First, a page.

November is Children’s Grief Awareness month and November 15th is Children’s Grief Awareness Day.
The Solace Tree and National Alliance for Grieving Children promote awareness of the needs of children and teens grieving a death and provides education and resources for anyone who wants to support them. Join us in working towards raising awareness of children’s grief. You can make a difference in the life of a grieving child!
Every November, the Solace Tree and NAGC proudly observes Children’s Grief Awareness Month. We acknowledge this month by wearing blue and hosting awareness events. Bereaved children are often referred to as the “forgotten mourners”. Many bereaved children feel isolated in their grief, unaware that they are not alone. Children’s Grief Awareness Month is an opportunity to tell children they are not forgotten and that there is support, hope and healing to be found. The Solace Tree and NAGC is committed to advocate for bereaved children and help them find a voice, please join us! Anyone can participate!
Share a Message of Hope
The Solace Tree and the National Alliance for Grieving Children is committed to serving as a catalyst for leading a national movement to educate, advocate and raise awareness about the needs of grieving children, teens and their families.
Join Our Social Media Campaign: #ChildrenGrieve
- Update your Facebook prorfile picture to the “November is Children’s Grief Awareness Month” picture for part or all of November. (Facebook, visit: www.facebook.com/fbcameraeffects/tryit/600251486765988/, For other sociall media outlets: Right click to save to your computer.)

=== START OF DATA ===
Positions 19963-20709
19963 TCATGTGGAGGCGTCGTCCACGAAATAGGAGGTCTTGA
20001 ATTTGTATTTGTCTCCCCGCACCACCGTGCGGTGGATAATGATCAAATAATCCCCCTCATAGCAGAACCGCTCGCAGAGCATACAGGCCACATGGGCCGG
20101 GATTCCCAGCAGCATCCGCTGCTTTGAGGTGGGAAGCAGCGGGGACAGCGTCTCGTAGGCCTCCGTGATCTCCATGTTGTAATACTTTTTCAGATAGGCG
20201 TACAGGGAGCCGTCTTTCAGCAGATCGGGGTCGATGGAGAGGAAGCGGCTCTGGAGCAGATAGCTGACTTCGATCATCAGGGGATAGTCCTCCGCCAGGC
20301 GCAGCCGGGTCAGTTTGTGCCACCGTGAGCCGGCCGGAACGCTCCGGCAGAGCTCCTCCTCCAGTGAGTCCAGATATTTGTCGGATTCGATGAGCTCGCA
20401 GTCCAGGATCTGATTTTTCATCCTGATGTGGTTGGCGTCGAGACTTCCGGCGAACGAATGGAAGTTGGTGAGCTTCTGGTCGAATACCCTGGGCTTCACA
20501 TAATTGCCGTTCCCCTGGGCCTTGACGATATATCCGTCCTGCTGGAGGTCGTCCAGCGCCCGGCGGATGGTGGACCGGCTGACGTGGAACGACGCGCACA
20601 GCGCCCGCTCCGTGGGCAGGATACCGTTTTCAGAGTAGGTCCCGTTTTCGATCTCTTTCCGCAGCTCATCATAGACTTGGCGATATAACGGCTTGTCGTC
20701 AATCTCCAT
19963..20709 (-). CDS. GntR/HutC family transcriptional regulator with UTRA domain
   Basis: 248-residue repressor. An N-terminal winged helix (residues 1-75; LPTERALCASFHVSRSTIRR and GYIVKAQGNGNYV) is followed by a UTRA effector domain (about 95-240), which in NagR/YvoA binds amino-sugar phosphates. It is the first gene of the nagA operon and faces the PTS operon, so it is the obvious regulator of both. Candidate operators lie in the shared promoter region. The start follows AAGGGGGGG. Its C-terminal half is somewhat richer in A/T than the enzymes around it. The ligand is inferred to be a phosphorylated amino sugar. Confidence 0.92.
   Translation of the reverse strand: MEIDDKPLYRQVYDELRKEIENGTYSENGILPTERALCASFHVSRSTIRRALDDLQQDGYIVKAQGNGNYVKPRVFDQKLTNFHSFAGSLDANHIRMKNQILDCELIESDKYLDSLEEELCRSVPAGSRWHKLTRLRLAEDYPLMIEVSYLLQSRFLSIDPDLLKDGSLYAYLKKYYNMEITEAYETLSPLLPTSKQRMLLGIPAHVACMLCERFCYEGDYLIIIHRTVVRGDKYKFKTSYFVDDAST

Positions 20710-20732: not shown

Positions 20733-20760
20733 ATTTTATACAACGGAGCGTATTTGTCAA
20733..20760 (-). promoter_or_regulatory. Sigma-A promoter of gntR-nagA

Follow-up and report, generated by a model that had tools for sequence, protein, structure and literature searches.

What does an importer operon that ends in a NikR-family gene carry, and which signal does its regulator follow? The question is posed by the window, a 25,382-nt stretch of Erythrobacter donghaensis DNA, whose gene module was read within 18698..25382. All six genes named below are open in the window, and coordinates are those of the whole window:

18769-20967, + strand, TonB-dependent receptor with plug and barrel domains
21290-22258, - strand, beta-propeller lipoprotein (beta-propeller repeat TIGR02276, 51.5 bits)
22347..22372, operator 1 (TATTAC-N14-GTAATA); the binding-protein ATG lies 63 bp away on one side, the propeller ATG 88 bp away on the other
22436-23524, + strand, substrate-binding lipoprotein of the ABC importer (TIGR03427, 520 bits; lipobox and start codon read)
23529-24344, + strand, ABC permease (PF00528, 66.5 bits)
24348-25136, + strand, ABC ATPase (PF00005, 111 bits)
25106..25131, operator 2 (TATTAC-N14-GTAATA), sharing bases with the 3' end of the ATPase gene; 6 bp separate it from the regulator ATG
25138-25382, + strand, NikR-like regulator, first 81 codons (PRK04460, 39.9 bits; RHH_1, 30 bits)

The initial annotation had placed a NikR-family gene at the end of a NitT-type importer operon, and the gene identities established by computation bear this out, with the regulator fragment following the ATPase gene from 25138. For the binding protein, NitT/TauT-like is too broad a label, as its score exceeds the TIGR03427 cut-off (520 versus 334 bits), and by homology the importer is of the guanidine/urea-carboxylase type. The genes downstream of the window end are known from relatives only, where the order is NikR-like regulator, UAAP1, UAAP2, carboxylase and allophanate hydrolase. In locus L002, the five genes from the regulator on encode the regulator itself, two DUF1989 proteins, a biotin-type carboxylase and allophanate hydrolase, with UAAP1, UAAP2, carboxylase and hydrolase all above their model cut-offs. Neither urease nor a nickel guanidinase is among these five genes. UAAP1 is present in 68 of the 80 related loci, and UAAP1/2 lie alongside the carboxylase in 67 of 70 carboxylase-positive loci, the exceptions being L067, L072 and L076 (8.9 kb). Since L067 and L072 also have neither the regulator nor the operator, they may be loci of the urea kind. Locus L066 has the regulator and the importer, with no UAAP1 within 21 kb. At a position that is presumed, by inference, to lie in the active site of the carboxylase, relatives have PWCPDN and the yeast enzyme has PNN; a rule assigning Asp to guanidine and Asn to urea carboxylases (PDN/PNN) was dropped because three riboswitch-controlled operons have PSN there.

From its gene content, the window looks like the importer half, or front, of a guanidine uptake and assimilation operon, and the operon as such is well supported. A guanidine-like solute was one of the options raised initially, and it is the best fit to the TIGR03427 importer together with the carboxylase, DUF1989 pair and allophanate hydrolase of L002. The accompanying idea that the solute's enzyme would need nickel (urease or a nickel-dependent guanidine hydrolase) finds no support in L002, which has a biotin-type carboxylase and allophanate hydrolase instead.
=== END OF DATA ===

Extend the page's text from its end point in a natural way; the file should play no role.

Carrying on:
- Share a message of hope. #ChildrenGrieve, but they do not need to grieve alone. The following are key messages to share with your social network:
…when people in their lives die.
…in a personal, individual, and unique way.
…within the context of their family, culture, and community.
…the death of someone in their life in different ways at different times.
Children who are grieving a death are supported when…
…parents and caregivers provide attentiveness, warmth, and connection.
…they hear words and see actions that uplift, empower, and encourage them.
…they are prepared for things they might see and experience after the death.
…adults model healthy coping.
…they are given space to experience and express their grief in their own ways.
…they are able to connect with peers who have also experienced a death.
Resources to Help Raise Awareness
Childhood grief remains one of society’s most overlooked and least understood issues. This lack of community awareness compounds the grief journey that every bereaved family must undergo. By developing a timely, robust body of knowledge around kids’ and parents’ grief experience – and sharing that knowledge broadly – we hope to raise public awareness and understanding of the prevalence and impact of childhood loss.